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Incentivizing Patient Use of Digital Health Tools

Video

Maria Lopes, MD, MS, and Amy McMichael, MD, discuss how payers can incentivize patients’ use of digital health tools to monitor the success or failure of treatment.

Ryan Haumschild, PharmD, MS, MBA: Dr Lopes, I’m curious, from your perspective as a managed care executive, how do payers incentivize patients to utilize digital health tools like the Psorcast [app] that we talked about to monitor the success or failure? And do we feel like the data from the apps like Psorcast can help accurately report the prevalence of psoriasis in the skin of color and different ethnic backgrounds?

Maria Lopes, MD, MS: I think that’s probably still a real-world question that hasn’t been answered. What’s the utility we can receive from these apps in terms of, is it meaningful, is it actionable? How do you structure the information so that it’s meaningful to the patient, but also to who’s on the receiving end? Maybe it can be a specialty pharmacy or it can be a clinician, like Dr McMichael, or even the PCP [primary care physican]. If they know what the algorithm of care looks like, how can this information be meaningful and actionable, and perhaps lead to an intervention, even between office visits? That hopefully is part of shared decision-making, so if we see patients aren’t taking their medication, maybe they’re getting worse, maybe having a conversation before their next office visit when they’re much worse, that hopefully can change the course and the expectation for that patient. I think a really interesting area is the predictive ability of some of this information. Because from AI [artificial intelligence]—and I think we’re seeing it in other areas like RA [rheumatoid arthritis], IBD [inflammatory bowel disease], maybe COPD [chronic obstructive pulmonary disease] as well—can this information, through an AI algorithm, actually predict when you’re going to experience a flare?

Then payers, obviously, are very interested in that because that gets back to how do we reduce costs? How do we improve quality, how do we improve outreach, how do we improve care coordination? How do we get at the root cause of perhaps a symptom that may turn into a bigger problem, and what we can do to alter that course and reduce total cost? As well as, is the medication working? If someone is on a high-cost biologic, and is taking the medication and we can track this, yet the symptoms aren’t improved or they’re not doing better, is it time for a conversation earlier rather than later? Perhaps [this is] even in conjunction with a clinician about how we can change the treatment, because biologics are all expensive, and the most expensive drug is the one that is either not being taken or not working. So I think it brings together important data that hopefully are meaningful but also actionable.

Ryan Haumschild, PharmD, MS, MBA: Real-world evidence is important, to your point, and how can we keep extracting that in different areas because we know we want to improve the diversity of clinical trials? That’s a goal we all [have], but we know sometimes those randomized controlled clinical trials might take 6 years to come to fruition. How do we leverage data now to help aid our decision-making and make impactful change? So I appreciate that conversation. Dr McMichael, when we think about you in the clinic working with your patients, what educational tools are you using for diagnosing patients across the skin phototypes? And as we talked about earlier with primary care, how can providers educate other providers on the importance of early referrals to dermatologists for timely intervention?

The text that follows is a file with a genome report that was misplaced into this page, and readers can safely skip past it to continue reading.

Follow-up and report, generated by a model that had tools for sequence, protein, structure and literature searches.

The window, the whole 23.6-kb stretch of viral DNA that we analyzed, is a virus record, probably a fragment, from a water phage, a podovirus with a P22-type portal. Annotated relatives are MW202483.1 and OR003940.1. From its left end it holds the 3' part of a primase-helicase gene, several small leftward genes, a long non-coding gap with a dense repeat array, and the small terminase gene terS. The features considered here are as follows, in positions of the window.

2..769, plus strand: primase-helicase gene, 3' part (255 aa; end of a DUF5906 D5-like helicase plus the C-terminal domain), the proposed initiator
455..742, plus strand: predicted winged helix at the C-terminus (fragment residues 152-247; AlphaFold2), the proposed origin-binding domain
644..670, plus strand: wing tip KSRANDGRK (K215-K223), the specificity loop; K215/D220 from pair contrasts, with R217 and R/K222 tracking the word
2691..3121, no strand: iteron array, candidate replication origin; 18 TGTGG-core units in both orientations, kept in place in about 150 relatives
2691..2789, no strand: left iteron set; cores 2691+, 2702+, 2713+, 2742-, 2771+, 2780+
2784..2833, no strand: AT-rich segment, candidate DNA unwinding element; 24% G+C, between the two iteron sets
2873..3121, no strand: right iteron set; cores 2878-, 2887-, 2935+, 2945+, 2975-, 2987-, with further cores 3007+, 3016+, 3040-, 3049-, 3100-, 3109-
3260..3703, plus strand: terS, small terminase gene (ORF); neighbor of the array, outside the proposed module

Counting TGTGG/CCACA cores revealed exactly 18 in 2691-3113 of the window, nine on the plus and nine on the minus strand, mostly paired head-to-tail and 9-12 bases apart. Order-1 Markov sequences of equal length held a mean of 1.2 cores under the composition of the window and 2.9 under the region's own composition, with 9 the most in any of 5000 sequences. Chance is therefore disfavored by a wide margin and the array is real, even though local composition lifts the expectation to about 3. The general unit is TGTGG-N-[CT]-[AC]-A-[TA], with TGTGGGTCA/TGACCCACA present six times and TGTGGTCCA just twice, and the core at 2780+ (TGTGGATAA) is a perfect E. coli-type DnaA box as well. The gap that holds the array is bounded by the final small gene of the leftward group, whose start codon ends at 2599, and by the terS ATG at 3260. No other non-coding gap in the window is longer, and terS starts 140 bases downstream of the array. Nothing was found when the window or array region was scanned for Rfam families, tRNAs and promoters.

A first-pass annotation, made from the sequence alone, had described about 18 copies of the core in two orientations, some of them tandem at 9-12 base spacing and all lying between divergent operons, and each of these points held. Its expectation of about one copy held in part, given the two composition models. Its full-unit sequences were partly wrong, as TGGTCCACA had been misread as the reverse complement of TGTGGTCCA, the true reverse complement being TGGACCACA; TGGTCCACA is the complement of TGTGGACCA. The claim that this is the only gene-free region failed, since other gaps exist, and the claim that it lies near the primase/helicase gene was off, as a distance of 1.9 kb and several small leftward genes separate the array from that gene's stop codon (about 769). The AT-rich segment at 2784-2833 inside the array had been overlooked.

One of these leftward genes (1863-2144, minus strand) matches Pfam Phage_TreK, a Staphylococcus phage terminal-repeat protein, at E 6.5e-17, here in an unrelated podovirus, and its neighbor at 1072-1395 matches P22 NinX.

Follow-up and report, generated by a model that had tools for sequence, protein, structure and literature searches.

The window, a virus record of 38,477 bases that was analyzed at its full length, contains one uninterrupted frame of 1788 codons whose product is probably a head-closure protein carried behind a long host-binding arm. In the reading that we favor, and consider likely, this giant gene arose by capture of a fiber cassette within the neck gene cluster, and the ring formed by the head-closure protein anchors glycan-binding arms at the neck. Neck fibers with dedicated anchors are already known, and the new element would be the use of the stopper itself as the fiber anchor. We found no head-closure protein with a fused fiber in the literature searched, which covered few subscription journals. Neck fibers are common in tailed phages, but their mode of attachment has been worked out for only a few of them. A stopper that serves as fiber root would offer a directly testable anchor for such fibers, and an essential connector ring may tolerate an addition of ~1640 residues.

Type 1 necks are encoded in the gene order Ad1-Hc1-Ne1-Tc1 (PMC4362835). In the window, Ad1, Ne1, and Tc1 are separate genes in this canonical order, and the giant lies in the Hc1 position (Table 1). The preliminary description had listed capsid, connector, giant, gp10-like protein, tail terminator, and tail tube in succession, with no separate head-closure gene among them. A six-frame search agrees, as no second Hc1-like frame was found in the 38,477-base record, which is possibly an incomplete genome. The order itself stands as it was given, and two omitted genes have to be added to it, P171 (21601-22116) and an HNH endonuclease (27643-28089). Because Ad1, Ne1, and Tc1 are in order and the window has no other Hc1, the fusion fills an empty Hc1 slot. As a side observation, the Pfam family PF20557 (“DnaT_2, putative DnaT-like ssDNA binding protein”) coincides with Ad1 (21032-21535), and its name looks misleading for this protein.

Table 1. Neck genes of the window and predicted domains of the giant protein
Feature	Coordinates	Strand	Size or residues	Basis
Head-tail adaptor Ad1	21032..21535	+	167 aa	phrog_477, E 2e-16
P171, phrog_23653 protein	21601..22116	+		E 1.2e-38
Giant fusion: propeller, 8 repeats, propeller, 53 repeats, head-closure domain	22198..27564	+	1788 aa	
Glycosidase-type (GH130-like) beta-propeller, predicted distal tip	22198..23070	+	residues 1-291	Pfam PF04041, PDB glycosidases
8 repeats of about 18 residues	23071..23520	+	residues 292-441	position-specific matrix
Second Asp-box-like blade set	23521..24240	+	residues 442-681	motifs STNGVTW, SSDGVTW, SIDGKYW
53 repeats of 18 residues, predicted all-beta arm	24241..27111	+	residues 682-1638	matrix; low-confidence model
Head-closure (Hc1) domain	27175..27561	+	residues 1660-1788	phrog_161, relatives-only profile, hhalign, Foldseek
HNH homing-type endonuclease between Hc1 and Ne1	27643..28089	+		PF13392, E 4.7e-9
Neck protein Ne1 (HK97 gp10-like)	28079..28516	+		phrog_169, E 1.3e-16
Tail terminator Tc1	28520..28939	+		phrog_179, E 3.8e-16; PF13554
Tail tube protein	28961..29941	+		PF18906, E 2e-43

Amy McMichael, MD: That’s a good question. I’m an old dermatologist, so I use mostly my eyes and ears to diagnose patients. I don’t have to use a lot of tools to diagnose psoriasis right now because I’ve seen so much of it over the years, and I have a particular interest in skin of color, but it doesn’t always translate. So how do I teach my residents? How do I teach other physicians? I think that becomes an important question. I recommend to the folks I teach to think about other differentials. In the talks I give nationally and internationally, I show pictures of patients with atypical appearance of psoriasis, it’s not classic. I tell the story around that patient. For example, an African-American woman about 60 years old who had been admitted for “vasculitis,” but what she had was a hypertrophic form of psoriasis. I tell the story of another patient of mine who I misdiagnosed with prurigo nodularis for about 4 or 5 months, and recognized he wasn’t responding to treatment and noticed a bit of symmetry about his lesions, and then ended up biopsying him to then come to the diagnosis.

I talk about treatment algorithms. I talk about giving patients time to improve. If they don’t improve, then move to biopsy. I talk about things that look like other things, so that the folks who listen to me and hear my stories and see my photos can come to a better understanding of what they might be missing. None of us are perfect as clinicians. We’re never going to get to the point where we do everything correctly, but we can get closer and closer to where we get that right diagnosis earlier. I think that’s what the goal is.

Transcript edited for clarity.

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